Lonnie Bewley, a volunteer firefighter, was away from his rural residence helping others. He knew his wife Jennifer and their three children were safe at a downtown shelter.
“I sure didn't think about my place. It didn't occur to me anything would happen to it.
Neighbors called to tell the couple their house was gone.
“I had a deer head in the freezer I was keeping for a buddy. The freezer is still here, but the deer head is gone. Someone's going to be surprised when that turns up on their lawn,” he said.
Neighbors Todd and Sandy Miller stood in their yard and watched the tornado approach.
“When it became obvious it wasn't going to veer off in another direction, we put the kids in the truck and left,” Miller said.
They returned to devastation, a house in ruins, mangled belongings, twisted trees and shrubs buried in insulation.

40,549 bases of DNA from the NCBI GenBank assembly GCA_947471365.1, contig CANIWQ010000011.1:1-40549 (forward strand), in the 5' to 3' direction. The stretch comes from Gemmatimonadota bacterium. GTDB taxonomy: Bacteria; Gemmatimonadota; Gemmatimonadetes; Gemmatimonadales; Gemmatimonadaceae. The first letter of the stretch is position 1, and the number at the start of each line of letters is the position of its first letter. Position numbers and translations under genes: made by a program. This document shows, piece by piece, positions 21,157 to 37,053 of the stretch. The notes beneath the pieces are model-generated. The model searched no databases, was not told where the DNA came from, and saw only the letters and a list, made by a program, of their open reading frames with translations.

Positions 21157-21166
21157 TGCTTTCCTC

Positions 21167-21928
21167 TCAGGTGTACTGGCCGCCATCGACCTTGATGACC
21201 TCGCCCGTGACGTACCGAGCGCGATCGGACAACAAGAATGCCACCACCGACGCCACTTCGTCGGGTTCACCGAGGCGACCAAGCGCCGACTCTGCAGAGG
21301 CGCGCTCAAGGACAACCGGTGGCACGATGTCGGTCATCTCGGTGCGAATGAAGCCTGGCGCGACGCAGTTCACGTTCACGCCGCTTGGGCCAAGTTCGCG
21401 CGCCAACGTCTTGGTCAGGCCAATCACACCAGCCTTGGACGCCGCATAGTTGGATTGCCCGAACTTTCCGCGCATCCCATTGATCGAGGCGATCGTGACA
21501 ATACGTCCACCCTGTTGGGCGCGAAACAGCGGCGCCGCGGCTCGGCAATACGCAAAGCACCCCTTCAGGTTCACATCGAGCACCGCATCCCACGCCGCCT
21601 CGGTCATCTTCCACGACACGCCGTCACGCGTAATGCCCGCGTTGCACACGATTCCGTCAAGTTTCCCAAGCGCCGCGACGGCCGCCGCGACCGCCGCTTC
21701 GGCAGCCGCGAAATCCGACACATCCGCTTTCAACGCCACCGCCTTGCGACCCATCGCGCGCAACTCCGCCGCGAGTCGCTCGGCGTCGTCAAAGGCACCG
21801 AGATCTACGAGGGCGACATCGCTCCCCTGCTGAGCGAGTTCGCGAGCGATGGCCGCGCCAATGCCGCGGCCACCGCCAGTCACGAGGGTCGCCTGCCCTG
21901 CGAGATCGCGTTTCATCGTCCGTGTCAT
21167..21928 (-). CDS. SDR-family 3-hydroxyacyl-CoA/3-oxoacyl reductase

Megan Rowland Kelley, of Newcastle, got home from work early, gathered her two children and a few belongings and headed for the storm cellar.
“It started to hail, then it got really quiet, so quiet you could hear a cricket. Then all the air just got sucked out of the cellar and it started screaming like a freight train. When it passed and we came out, all I could say was, ‘wow.' Pretty much everything was gone,” Kelley said.
James and Joy Clay came home to find their $300,000 house in Newcastle's Richland Park Addition demolished.
“It was a nice house. I sure loved it, but it's just stuff. We can rebuild. It's my yard I'm the most upset about,” Joy Clay said.
Giant trees that graced the property lay downed and twisted. Flower gardens, a children's playhouse and gazebo were gone.
“We'd sit in the swing out back and watch the purple martins. After the storm they were flying all around looking for their homes. It broke my heart,” she said.